Bathroom facilities claim nearly 75% of the water used indoors. Check for toilet tank leaks by adding food coloring to the tank. If the toilet is leaking, color will appear in the toilet bowl within 30 minutes. (Flush as soon as the test is complete, since food coloring may stain the tank.)
Check your toilets for worn out, corroded or bent parts. Most replacement parts are inexpensive, readily available and easily installed.
If the toilet frequently sticks in the flush position letting water run constantly, replace or adjust it.
Avoid flushing the toilet unnecessarily. Dispose of tissues, insects and other similar waste in the trash rather than the toilet.
Never pour water down the drain when there may be another use for it such as watering a plant or garden, or for cleaning around your home.
Verify that your home is leak free. Many homes have hidden water leaks. Read your water meter before and after a two-hour period when no water is being used. If the meter does not read exactly the same, there is a leak.
Repair dripping faucets by replacing washers. If your faucet is dripping at a rate of one drop per second, you can expect to waste 2,700 gallons of water per year. This adds to the cost of water and sewer utilities and adds to your water bill.
Retrofit all household faucets by installing aerators with flow restrictors to slow the flow of water.
Install a toilet dam or displacement device such as a bag or bottle to cut down on the amount of water needed for each flush. Be sure the installation does not interfere with the operating parts.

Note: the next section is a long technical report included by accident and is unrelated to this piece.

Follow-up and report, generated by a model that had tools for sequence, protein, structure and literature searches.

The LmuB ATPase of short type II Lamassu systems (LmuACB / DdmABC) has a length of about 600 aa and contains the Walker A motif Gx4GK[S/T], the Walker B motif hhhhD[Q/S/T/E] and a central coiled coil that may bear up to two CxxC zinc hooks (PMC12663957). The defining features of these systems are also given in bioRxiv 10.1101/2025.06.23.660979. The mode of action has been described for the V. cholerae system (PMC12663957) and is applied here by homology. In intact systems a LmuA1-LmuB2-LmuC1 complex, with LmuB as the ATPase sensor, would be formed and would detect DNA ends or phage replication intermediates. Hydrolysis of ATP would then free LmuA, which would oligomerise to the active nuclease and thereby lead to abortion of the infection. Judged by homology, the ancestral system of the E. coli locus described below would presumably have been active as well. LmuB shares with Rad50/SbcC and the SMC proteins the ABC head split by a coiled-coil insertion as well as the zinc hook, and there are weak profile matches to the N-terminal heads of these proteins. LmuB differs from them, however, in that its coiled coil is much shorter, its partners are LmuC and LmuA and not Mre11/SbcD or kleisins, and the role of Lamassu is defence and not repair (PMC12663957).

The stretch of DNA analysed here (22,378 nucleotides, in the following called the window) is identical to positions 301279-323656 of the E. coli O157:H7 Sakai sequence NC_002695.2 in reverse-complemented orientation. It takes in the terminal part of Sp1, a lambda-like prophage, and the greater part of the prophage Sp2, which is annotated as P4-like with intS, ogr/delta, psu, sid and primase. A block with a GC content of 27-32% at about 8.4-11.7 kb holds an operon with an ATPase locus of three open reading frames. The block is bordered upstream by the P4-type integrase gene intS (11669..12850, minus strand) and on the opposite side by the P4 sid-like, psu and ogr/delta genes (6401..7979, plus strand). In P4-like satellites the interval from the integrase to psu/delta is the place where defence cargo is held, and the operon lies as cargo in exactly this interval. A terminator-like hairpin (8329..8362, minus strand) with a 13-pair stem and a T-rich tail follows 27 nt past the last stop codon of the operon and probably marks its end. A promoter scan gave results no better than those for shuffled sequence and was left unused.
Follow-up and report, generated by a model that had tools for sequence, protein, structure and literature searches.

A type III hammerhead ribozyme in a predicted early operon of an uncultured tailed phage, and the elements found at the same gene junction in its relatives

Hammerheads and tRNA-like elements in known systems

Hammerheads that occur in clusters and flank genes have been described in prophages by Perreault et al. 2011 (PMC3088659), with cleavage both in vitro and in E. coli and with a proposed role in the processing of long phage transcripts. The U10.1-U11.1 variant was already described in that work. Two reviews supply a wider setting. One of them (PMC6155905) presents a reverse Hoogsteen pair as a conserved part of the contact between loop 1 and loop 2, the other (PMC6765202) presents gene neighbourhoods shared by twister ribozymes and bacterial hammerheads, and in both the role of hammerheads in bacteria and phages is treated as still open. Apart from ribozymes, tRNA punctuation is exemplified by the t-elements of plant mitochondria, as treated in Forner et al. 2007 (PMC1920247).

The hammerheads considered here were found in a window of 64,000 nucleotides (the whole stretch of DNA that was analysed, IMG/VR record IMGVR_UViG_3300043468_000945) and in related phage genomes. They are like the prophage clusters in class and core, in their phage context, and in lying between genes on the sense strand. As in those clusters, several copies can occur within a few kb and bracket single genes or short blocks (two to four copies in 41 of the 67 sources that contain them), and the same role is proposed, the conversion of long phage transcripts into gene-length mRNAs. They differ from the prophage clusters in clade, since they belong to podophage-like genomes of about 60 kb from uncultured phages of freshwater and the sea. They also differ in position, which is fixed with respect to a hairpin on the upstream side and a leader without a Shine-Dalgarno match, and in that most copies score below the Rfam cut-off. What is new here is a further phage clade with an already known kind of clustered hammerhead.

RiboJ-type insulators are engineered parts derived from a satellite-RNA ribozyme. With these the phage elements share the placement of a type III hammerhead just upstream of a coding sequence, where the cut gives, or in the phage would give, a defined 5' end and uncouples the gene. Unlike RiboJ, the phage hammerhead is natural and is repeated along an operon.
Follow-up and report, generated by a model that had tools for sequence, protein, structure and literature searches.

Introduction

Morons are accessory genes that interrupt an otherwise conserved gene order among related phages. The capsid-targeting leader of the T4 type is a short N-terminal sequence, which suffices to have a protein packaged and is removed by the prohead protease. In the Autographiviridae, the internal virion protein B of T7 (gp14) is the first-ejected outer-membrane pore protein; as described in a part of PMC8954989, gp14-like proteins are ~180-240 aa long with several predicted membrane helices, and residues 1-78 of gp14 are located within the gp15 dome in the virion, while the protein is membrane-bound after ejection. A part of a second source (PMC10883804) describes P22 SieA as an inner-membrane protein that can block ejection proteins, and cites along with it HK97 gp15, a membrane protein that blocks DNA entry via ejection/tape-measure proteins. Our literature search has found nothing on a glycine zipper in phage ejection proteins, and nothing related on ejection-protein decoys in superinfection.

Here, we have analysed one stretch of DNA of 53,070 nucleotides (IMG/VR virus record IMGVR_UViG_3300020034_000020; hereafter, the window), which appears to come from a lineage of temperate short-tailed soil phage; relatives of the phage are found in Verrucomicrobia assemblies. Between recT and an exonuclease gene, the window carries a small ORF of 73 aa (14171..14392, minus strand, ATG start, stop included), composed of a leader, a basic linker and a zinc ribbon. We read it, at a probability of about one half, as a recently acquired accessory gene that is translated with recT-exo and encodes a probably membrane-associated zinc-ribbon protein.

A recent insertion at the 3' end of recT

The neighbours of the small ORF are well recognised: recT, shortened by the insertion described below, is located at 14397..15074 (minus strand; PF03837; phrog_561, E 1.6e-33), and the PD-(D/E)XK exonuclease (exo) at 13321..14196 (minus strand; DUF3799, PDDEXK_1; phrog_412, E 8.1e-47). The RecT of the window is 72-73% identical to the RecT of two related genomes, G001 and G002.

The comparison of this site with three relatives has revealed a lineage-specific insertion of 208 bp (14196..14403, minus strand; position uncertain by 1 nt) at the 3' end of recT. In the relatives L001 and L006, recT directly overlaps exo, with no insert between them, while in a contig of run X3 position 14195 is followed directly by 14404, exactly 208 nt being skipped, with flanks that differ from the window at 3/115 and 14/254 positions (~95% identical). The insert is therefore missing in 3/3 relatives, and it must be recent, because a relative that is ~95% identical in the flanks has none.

When purchasing new or replacement toilets, consider low-volume units which use less than half the water of older models.
Take shorter showers. Replace your showerhead with an ultra-low-flow version. Some units are available that allow you to cut off the flow without adjusting the water temperature knobs.
Place a bucket in the shower to catch excess water and use this to water plants. The same technique can be used when washing dishes or vegetables in the sink.
In the shower, turn on to get wet; turn off to lather up; then turn back on to rinse off. Repeat when washing your hair.
Operate automatic dishwashers and clothes washers only when they are fully loaded. Set the water level for the size of load you are using.
When washing dishes by hand, fill one sink or basin with soapy water. Quickly rinse under a slow-moving stream from the faucet.
Store drinking water in the refrigerator. Don’t let the tap run while you are waiting for cool water to flow.
Do not use running water to thaw meat or other frozen foods. Defrost food overnight in the refrigerator or use the defrost setting on your microwave.
Kitchen sink disposals require lots of water to operate properly. Start a compost pile as an alternate method of disposing of food waste, instead of using a garbage disposal. Garbage disposals also can add 50 percent to the volume of solids in the sewer system or they can lead to problems with a septic tank.
Consider installing an instant water heater on your kitchen sink so you don’t have to let the water run while it heats up. This will reduce water-heating costs for your household.
Insulate your water pipes. You’ll get hot water faster and avoid wasting water while it heats up.
Don’t let water run while shaving or washing your face. Brush your teeth first while waiting for water to get hot, then wash or shave after filling the basin.
Install water-softening systems only when necessary. Save water and salt by running the minimum amount of regenerations necessary to maintain water softness. Turn softeners off while on vacation.
If you have a well at home, check your pump periodically. Listen to hear if the pump kicks on and off while water is not being used. If it does, you have a leak.
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